A defender for Japan's battered women
Having worked as a telephone operator for 40 years and raised three children, Mie Ueda, a resident of Hirakata, Japan, finally retired in December 1993to enjoy long-awaited free time.Skip to next paragraph
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Her days were filled with luncheons and teas with her friends, gym workouts, and water aerobics lessons. She and her husband traveled to hot springs and made occasional overseas trips. This is what many Japanese dream of after they retire.
Ms. Ueda, however, found it "boring." So she began thinking about using her work experience to fulfill a longtime dream - helping other women. As she was wondering how to do that, sheran into an old acquaintance - a city council member, who told her about the problem of domestic violence.
Little did Ueda, who had never before heard the term domestic violence, realize that she would soon become one of the most visible activists in the fight against a widespreadbut little-discussedproblem.
According to a nationwide government survey in 2000, 27.5 percent of Japanese wives said they had been beaten by their husbands, and 4.6 percent of women in another study said spousal abuse had put them in a life-threatening situation. (Estimates of domestic violence against women in the US vary widely, but tend to range from less than 1 percent to a little more than 3 percent, according to the Family Violence Prevention Fund.)
Experts and activists argue, however, that since many Japanese still regard violence against women not as a violation of their human rights but as a "family matter" - a quarrel between husband and wife - the actual number of cases in that country is probably much larger than reported.
In 1996, no publicly funded shelters existed in Japan solely for victims of domestic violence. (They were mandated by law in 2001.) There were probably fewer than 30 privately funded shelters to serve the entire country.
That April, Ueda established a group called Space Enjo (Assistance). She spent 45,000 yen (about $425) of her own retirement money every month to rent a two-room apartment as an emergency shelter for battered women in Osaka, the largest city in western Japan.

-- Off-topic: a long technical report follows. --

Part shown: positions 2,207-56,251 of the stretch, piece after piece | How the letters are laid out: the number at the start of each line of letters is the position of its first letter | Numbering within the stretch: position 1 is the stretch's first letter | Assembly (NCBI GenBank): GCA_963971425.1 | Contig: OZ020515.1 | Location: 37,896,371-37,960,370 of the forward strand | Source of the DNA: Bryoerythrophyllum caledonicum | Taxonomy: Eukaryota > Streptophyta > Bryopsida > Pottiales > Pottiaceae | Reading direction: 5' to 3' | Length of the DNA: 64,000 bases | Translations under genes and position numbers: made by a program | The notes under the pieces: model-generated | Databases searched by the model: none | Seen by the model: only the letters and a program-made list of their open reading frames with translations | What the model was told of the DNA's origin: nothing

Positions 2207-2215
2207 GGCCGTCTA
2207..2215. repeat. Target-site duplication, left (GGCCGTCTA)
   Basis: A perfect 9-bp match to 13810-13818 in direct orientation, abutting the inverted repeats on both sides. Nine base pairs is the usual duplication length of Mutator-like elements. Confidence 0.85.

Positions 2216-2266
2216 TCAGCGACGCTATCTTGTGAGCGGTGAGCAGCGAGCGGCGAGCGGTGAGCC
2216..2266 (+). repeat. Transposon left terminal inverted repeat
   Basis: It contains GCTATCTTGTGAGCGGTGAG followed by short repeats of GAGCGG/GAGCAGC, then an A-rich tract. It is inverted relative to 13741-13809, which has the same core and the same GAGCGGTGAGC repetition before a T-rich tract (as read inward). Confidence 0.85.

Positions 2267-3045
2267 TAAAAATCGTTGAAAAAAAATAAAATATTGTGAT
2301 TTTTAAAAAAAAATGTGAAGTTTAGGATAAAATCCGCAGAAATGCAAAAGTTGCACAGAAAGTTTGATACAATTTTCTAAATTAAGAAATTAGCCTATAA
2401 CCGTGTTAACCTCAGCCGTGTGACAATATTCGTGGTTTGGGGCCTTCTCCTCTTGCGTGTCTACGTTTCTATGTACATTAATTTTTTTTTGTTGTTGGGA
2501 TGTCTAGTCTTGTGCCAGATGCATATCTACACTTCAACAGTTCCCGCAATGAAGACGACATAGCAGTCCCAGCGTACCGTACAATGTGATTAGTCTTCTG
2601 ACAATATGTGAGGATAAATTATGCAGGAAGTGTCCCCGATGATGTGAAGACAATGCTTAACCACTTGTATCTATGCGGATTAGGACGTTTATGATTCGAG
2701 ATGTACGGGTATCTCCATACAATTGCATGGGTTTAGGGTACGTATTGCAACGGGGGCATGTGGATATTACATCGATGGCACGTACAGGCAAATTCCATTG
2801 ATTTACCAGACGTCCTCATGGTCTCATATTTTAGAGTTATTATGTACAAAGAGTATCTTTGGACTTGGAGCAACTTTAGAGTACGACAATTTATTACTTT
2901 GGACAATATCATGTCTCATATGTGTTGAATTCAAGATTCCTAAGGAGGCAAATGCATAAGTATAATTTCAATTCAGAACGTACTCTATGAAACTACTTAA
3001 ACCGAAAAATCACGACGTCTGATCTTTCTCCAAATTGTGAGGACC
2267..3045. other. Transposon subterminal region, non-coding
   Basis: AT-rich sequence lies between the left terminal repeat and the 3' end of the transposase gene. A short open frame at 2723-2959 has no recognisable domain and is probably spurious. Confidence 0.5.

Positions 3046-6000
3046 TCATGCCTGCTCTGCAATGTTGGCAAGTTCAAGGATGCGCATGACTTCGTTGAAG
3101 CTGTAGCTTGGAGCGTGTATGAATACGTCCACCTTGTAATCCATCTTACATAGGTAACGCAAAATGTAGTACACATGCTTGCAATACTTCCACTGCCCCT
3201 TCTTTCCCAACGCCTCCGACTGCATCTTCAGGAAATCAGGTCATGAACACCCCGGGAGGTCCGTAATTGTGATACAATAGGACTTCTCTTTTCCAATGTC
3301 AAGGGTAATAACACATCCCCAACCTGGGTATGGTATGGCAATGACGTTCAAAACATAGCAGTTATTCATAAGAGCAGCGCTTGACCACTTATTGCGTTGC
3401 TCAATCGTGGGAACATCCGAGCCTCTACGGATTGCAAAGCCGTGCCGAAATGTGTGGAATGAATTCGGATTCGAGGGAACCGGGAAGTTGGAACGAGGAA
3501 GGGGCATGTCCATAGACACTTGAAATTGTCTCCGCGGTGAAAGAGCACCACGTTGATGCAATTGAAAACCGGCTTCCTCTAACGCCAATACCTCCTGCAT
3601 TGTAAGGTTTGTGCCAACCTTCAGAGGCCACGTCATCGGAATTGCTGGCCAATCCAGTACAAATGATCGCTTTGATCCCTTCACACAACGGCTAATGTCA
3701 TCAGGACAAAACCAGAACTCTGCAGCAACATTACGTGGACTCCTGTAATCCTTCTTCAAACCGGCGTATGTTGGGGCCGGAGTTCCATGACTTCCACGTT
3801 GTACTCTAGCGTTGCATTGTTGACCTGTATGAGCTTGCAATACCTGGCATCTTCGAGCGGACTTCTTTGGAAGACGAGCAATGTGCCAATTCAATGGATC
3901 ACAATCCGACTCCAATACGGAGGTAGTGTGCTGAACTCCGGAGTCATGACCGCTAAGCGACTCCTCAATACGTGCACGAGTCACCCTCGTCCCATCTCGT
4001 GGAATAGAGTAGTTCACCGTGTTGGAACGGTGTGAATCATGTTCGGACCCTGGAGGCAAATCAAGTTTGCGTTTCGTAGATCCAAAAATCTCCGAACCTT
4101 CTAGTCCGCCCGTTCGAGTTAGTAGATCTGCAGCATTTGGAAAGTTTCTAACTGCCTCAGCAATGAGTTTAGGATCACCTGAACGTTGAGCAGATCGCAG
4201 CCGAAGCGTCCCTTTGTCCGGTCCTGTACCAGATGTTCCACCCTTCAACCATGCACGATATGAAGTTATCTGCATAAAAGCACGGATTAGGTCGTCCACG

Soon she was swamped with pleas for help from victims, and was appalled when some women arrived with black eyes and purplish bruises. She knew then that the situation was more serious than she had thought.
Within two years, lack of shelter space for victims became an issue at Space Enjo. So, in 1998 she rented a second apartment. Then the need for better security became an issue when some husbands tried to get into the shelters. In 2001, Ueda borrowed 24 million yen (about $226,000) from the Government Housing Loan Corp. and from her husband and daughter to purchase a four-room condominium with a state-of-the-art security system.
The three locations can accommodate 10 women (and their children, if necessary) at a time.
Since it opened, Space Enjo has sheltered more than 300 women and children. Victims are of diverse nationalities, with ages varying from 17 to 78. Ueda and other volunteers help the women meet with lawyers, real-estate agents, government employees, and others who can help them. The organization also continues to provide guidance long after the stays end, so victims can learn to become more self-reliant.
Some battered women who come to the shelters have suffered from what Ueda calls a "full course" of domestic violence, in which the husband assaults the wife physically, psychologically, and economically.
One of the worst cases she recalls was that of "Sachi." (Ueda requested that Sachi's real name not be used.)
By the time she was in her mid-50s, Sachi had been smacked, kicked, and punched by her husband. He had twisted her arms, thrown her against the front door, kicked her out of the house, and left her lying there, too debilitated to move or even say a word.
He was so autocratic that she needed his permission just to go to the bathroom. Sachi, who weighed 110 pounds when she married, had lost 37 pounds.
Her husband, a government employee who worked in its welfare division, had a good reputation at work. He often invited his colleagues home, even late at night, and made her serve them a full-course dinner. One night she washed more than a hundred dishes. As soon as the guests left, he started punching her, yelling at her, "You humiliated me."
Sachi was finally able to divorce him after 25 years.